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An overview of the aerospace industry

Aerospace engineering: industry sector overview

Electric aircraft, vertical take-off and landing vehicles, supersonic aircraft and distributed propulsion are all potential areas to be pursued by the aerospace industry, says Andrew Smyth, a research engineer at Rolls-Royce.

The aerospace industry is technically complex and engineers innovate on products that push the limits of technology. The work is multidisciplinary and involves designing components and systems; analysis of structures, fluids and electrical systems; manufacturing the technology; developing and testing it; and supporting the products in service.

Big manufacturing companies include Airbus, Boeing and Bombardier, who design, manufacture and build aircraft, and Rolls-Royce, General Electric and Pratt and Whitney, who design, manufacture and build engines. Safran Landing Systems, BAE Systems, Cobham and QinetiQ are other big names. There is a large network of smaller suppliers who support the big companies.

Trends and developments in the aerospace industry

As a broad theme, connected digital technology and data analytics are receiving a lot of attention. At a product level, things that are being focused on include electrical aircraft, vertical take-off and landing (VTOL) vehicles, supersonic aircraft, distributed propulsion, and higher bypass ratio engine products such as geared fans and open rotor technology.

These are all exciting potential areas to be pursued by the industry but their success depends on the regulatory framework and the economics, such as oil prices and raw material costs, particularly the cost of some of the expensive and rare metals that are used by the industry.

Fuel is by far the greatest cost associated with operating an aircraft or airline. Manufacturers need to improve fuel efficiency by reducing the weight, drag and performance inefficiencies of their components and systems. Issues of safety and reliability are also paramount for this sector, as is meeting or exceeding environmental targets, such as reducing emissions or noise.

What life is like in the aerospace industry

Traditionally, project lead times are long compared to other industries due to the high level of regulation and technical complexity. It can take up to 20 years to develop a new technology from start to finish. However, product life spans are also long. The products you work on could be in service for more than 25 years and will form the basis for future technology.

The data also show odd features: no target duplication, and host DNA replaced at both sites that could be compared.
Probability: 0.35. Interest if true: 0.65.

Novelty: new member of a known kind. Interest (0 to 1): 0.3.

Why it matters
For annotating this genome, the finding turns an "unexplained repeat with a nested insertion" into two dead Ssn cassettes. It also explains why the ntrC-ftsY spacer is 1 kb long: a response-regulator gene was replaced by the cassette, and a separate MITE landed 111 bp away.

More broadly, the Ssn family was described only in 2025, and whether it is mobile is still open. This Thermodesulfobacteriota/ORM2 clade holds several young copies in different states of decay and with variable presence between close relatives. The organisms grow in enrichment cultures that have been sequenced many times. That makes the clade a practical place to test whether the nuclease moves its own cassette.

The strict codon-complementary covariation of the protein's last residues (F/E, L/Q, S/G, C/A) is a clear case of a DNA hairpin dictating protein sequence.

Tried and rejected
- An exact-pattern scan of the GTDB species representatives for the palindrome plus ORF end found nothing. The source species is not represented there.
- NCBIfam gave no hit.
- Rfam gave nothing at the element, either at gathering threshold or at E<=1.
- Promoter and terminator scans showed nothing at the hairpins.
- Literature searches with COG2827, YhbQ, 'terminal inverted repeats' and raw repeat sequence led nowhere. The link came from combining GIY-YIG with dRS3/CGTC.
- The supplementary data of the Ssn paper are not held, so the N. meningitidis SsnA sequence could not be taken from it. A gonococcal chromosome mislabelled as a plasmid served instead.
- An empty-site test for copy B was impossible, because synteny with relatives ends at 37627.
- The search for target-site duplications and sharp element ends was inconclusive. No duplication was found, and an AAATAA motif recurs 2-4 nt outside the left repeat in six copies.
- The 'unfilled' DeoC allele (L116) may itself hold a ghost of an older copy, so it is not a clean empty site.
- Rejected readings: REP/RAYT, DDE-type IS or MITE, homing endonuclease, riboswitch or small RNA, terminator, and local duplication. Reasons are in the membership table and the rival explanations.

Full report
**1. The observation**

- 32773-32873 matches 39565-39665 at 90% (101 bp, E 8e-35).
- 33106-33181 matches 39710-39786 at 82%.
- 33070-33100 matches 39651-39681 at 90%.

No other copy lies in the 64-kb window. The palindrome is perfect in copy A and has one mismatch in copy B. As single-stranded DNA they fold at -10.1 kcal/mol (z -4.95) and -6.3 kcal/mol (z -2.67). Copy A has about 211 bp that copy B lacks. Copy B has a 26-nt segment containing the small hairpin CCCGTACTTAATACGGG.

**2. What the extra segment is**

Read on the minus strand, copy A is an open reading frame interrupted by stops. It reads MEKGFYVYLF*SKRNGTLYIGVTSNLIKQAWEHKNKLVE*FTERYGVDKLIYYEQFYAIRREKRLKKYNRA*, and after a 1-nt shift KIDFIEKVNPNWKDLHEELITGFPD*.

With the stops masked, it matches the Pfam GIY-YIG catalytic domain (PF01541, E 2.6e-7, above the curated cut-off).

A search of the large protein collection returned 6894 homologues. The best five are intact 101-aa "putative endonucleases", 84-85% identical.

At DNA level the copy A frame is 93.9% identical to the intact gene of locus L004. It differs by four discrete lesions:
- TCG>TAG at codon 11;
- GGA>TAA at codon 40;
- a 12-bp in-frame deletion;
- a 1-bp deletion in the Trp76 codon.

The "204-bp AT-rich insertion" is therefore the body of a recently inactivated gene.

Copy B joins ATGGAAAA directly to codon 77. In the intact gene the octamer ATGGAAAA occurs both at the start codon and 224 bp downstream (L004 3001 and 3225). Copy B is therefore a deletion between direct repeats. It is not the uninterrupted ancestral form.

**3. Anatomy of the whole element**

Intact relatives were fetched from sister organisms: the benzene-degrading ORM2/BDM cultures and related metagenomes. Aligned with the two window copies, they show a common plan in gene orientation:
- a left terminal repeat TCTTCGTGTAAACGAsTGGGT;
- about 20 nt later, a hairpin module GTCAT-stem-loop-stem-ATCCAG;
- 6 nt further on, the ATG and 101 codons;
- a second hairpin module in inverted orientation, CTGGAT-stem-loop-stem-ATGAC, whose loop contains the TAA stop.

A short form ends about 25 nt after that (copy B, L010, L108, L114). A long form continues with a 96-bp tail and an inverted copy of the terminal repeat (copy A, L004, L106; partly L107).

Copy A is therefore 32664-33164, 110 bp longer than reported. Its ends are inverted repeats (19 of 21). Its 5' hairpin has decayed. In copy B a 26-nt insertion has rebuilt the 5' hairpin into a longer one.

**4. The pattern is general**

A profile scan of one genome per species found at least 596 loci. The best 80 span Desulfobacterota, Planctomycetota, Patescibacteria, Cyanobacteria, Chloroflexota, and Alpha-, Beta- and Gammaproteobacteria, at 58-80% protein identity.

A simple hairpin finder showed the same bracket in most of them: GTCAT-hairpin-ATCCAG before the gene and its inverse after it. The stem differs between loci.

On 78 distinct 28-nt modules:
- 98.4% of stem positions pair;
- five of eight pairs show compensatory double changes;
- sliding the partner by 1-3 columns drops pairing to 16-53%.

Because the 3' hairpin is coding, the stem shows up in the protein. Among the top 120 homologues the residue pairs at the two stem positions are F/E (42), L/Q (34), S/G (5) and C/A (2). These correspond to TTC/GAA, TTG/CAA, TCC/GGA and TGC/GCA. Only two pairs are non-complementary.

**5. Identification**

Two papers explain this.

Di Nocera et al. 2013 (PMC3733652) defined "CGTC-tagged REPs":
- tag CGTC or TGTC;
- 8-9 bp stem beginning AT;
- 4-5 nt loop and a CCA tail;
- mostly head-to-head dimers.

It's a long journey so it's a collaborative effort. Engineers work in teams, which may include co-workers but also suppliers, contractors and academic partners. Team sizes can vary from a few individuals working on a specific problem all the way to hundreds of engineers developing and testing a new engine or aircraft.

While mobility isn't essential in this sector, there are opportunities to work all over the world.

Getting an engineering graduate job in the aerospace industry

Along with a solid technical background, good communication skills are absolutely critical. Engineers in this sector need to think and reason logically, and use a combination of forensic and creative thinking to solve problems. There's always a lot to do so the ability to plan, prioritise and judge the level of detail and time to spend on a task is important.

Internships are often the best way to get your foot in the door. Graduate programme can offer a chance to explore working in different areas and develop your skills, but direct entry is another good route in. Most companies offer lots of training and professional development opportunities, including the opportunity to move into different roles.

The highlights of a career in aerospace

  • Working on inspiring and innovative technology.
  • Having a tangible and positive impact on the world.
  • The opportunity to travel and work globally.

The aerospace industry seeks graduates from the following disciplines:

  • aerospace/aeronautical
  • chemical
  • control
  • electrical
  • electronics
  • environmental
  • instruments
  • manufacturing
  • materials
  • mathematics
  • mechanical
  • physics
  • power systems
  • software

Always check individual employers' requirements.

Thanks to Andrew Smyth for his help with this article. Andrew is a research engineer in the area of future aircraft at Rolls-Royce. He has a masters degree in aerospace engineering from the University of Cambridge and has been working in the industry for five years. He was also a runner up on The Great British Bake Off in 2016.

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